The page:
LONDON (Reuters) - The United States wants to see leadership from Europe in relation to issues like Belarus, rather than relying on the U.S. to move first with sanctions, British foreign minister Dominic Raab said on Tuesday.
On Sept. 29, Britain and Canada imposed travel bans and asset freezes on Belarusian President Alexander Lukashenko, his son and other senior officials.
The sanctions were the first to be implemented by major Western powers over the crisis in Belarus where Lukashenko was named the landslide winner of an Aug. 9 presidential election his opponents say was stolen.
Days later, the United States followed with their own sanctions having waited for the European Union to move.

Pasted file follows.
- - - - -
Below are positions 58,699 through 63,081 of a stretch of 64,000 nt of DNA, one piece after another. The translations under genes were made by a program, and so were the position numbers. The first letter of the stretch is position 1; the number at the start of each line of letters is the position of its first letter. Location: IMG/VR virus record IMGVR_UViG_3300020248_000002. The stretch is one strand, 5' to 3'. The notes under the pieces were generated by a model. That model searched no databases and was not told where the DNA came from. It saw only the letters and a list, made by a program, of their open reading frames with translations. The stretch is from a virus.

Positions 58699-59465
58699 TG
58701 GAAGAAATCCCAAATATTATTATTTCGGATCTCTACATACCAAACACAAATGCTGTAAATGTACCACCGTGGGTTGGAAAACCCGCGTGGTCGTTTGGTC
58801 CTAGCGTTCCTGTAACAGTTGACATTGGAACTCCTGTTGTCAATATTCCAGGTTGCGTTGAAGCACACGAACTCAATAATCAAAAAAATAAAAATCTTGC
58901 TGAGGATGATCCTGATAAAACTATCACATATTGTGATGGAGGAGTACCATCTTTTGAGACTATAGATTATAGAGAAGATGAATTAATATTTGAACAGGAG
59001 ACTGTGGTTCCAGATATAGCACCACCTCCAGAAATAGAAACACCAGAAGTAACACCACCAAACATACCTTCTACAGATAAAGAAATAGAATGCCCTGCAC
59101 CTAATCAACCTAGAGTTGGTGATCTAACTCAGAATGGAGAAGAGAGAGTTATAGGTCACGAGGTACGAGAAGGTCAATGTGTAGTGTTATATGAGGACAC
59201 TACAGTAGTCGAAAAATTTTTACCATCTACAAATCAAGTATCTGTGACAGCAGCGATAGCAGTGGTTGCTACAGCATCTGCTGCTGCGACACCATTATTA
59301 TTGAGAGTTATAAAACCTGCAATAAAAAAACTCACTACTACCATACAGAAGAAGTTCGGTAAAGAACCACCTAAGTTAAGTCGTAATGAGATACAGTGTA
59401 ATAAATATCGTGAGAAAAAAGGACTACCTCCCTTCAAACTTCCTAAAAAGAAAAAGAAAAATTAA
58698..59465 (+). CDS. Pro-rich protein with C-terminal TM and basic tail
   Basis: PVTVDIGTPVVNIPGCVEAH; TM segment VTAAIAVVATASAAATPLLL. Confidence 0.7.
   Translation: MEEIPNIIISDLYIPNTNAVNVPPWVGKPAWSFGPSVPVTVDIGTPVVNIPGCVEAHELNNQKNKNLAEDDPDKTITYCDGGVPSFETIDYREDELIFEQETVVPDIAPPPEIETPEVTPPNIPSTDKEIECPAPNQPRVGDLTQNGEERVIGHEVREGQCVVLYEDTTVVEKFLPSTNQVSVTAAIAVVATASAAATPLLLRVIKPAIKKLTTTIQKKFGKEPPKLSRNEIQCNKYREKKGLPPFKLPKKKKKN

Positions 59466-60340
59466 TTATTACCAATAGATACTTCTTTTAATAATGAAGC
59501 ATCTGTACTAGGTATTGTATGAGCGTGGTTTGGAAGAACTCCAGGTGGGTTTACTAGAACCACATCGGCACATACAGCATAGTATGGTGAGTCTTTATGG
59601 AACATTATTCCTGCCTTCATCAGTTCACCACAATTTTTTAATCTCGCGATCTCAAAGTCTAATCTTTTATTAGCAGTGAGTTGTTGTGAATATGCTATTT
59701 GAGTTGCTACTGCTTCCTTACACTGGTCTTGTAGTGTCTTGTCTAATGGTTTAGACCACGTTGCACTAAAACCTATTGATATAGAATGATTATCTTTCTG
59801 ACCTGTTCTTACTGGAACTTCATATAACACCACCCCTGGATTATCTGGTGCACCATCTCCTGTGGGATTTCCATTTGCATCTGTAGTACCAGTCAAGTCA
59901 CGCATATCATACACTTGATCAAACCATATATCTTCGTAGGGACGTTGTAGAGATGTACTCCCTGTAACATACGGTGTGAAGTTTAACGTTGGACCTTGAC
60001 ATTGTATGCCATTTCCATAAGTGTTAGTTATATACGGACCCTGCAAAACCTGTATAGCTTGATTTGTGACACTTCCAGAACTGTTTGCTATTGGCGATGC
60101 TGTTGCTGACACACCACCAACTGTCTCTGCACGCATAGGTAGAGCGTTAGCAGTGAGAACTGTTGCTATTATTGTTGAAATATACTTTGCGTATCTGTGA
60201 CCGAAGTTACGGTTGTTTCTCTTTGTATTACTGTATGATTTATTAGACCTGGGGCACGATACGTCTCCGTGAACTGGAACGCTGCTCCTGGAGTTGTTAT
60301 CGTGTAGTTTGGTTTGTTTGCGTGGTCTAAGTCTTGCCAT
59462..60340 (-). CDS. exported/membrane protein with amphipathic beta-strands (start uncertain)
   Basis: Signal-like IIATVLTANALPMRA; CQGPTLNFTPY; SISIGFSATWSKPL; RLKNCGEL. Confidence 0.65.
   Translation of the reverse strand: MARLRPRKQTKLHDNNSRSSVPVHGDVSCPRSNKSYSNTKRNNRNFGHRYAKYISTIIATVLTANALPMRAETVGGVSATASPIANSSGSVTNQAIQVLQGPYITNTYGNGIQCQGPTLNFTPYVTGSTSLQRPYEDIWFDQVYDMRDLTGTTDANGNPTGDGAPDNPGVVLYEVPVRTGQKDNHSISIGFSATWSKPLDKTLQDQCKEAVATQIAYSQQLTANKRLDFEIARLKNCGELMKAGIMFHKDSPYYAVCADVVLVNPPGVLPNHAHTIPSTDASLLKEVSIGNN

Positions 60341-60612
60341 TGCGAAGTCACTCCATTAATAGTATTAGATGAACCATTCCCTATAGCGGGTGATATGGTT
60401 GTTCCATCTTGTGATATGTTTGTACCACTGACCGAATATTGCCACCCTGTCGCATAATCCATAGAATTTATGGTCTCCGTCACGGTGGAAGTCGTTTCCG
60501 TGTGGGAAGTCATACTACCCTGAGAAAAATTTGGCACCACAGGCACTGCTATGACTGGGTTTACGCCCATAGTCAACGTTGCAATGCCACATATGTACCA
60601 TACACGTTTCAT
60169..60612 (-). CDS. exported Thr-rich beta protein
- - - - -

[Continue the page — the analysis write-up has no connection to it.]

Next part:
“I think there’s a feeling ... that the Europeans will put out the communique, possibly even do some censure, but will pick fights on their doorstep that the U.S. has to ride in to resolve,” Raab told a parliamentary committee, referring to a recent trip to meet politicians in Washington.
“I think they want to see some leadership from Europe, so we tried to provide that with our Canadian friends and with the EU.”
Raab had indicated that he expected the U.S. would follow Britain and Canada’s sanctions, without acknowledging that the U.S. had already done so. Asked to comment, the foreign office pointed to an Oct. 3 tweet in which Raab said he welcomed the U.S. move.
Reporting by William James; editing by Costas Pitas and Stephen Addison
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